Negotiation techniques in salary vary from person to person, but a recent article in the Washington Post focused on the marked differences between men and women. In evaluating salary negotiation differences, the post recalls an incident ten years ago, when a group of female graduate students at Carnegie Mellon University filed a complaint with Linda C. Babcock, a professor of economics.
The female students complained that male students (in the PhD) program were teaching classes on their own, but the females were relegated to the role of teaching assistants. This was (and is) a big deal, because students who taught their own classes gained valuable experience. Babcock looked into it, and subsequently found that males had asked to teach classes, whereas females had not. This prompted Babcock to begin evaluating salary negotiation differences between the sexes.
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Solution for Negotiation about Salary?
A decade ago, Professor Babcock had 153 student volunteers play Boggle, a popular word game. The students were told they’d be paid from $3 to $10, but that the pay was negotiable. After playing, all the students were initially paid $3. The negotiation results? 58 percent of the women asked for a higher amount, compared to 83 percent of the men.
In another study, Professor Babcock asked graduating master’s degree students, with job offers, if they had accepted the salary offer, or tried to negotiate. 51 percent of the men negotiated for a higher salary, while only 12.5 percent of the women haggled for more. The explanation, back then, was that men are just naturally more aggressive than women; thus females needed to be more assertive.
Salary and Job Negotiation: 2007
Flash-forward to the present. In a recent study by Professor Babcock, Hannah Riley Bowles (Harvard’s Kennedy School of Government) and Carnegie Mellon researcher Lei Lai, found that men and women get very different responses when they negotiate for larger salaries. This study found that both men and women were more likely to penalize women who asked for a larger salary; the perception being that women who asked for more were “less nice.”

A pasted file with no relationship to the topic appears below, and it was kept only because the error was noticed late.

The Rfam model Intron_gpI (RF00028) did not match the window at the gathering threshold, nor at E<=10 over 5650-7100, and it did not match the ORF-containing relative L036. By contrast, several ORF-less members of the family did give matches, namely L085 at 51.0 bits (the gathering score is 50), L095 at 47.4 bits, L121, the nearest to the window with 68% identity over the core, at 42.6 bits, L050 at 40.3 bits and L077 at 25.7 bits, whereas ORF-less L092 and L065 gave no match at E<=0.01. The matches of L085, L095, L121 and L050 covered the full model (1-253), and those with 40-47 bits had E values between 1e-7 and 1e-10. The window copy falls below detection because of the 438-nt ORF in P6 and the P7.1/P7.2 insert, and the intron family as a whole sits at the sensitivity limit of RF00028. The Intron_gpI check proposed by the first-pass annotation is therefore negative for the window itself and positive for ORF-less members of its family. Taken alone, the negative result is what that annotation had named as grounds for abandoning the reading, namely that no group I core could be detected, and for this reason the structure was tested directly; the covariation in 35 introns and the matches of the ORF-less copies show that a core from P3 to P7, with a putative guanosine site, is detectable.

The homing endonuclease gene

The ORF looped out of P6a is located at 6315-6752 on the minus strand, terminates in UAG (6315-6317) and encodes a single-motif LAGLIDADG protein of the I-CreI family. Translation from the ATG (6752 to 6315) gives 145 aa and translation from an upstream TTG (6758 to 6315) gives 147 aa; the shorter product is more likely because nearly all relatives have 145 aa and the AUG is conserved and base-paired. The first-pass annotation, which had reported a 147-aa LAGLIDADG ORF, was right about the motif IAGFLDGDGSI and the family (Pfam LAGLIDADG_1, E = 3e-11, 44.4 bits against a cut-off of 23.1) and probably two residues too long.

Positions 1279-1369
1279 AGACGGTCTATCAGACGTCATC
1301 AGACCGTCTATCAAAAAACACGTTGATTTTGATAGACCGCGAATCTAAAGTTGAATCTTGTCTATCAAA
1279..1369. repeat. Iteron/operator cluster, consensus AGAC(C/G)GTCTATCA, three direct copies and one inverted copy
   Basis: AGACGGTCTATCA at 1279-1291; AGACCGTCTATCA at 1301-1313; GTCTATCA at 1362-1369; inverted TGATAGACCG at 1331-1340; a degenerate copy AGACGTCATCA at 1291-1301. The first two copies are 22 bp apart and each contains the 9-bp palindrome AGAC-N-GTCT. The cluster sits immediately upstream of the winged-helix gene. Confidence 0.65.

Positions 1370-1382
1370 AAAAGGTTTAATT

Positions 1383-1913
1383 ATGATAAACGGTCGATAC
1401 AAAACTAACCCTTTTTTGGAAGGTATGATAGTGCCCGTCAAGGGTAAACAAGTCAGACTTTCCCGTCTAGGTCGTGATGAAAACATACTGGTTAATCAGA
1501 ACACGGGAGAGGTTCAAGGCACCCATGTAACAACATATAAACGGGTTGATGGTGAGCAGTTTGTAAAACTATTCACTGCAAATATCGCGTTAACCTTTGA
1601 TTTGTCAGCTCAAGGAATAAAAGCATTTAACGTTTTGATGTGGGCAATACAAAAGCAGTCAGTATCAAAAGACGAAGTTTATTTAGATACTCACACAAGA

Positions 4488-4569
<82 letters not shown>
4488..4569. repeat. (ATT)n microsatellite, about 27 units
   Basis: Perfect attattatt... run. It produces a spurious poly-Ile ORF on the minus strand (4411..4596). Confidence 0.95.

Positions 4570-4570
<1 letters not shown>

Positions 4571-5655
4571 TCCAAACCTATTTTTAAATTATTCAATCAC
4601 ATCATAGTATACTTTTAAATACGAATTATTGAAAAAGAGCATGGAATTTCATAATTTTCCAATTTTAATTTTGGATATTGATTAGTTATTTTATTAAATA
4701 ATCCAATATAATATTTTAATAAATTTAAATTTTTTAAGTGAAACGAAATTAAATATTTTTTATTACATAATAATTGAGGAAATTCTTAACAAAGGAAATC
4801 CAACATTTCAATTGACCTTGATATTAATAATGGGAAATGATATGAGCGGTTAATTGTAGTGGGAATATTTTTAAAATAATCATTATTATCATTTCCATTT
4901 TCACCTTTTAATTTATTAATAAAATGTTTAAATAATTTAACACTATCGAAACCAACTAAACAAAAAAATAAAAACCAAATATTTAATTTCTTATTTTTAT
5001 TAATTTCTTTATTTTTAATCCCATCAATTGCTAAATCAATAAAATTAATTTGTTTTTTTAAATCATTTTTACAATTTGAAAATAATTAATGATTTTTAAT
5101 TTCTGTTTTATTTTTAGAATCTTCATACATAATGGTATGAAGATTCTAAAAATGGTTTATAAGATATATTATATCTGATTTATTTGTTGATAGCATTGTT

In another part of this study, actors recorded videos of themselves asking for more money or accepting salaries. A new group of 285 volunteers were asked if they would be willing to work with the video-taped candidates. Men tended to rule against women who negotiated for larger salaries, but they were less likely to penalize men for doing the same. Women tended to penalize both men and women who negotiated for higher salaries.
Types of Salary Negotiation
In the final part of the study, 367 volunteers played the role of applicants left to decide on their own whether to negotiate for a higher salary. Fewer women (than men) negotiated for higher salaries if they thought they would be dealing with a man, but there was no significant difference between male and female applicants if they thought a woman would be making the decision. Applicants were accurately reading how males and females were likely to perceive them.
Researcher Hannah Riley Bowles summed the findings up for the Washington Post, “This isn’t about fixing the women. It isn’t about telling women, ‘You need self-confidence or training.’ They are responding to incentives within the social environment… you have to weigh that against social risks of negotiating. What we show is those risks are higher for women than for men.”
Should you negotiate your salary? As the book “Getting to Yes” argues, using to neutral third party evidence is a great way to make negotiations less confrontational. This approach may help women be perceived more favorably when they negotiate, even in the face of the sexism of the hiring manager.
Payscale.com is a great neutral third party for salary negotiations. The PayScale Salary Calculator is a quick and easy way to compare positions. When you want powerful salary data and comparisons customized for your exact position, be sure to build a complete profile by taking PayScale’s full salary survey.
Dr. Al Lee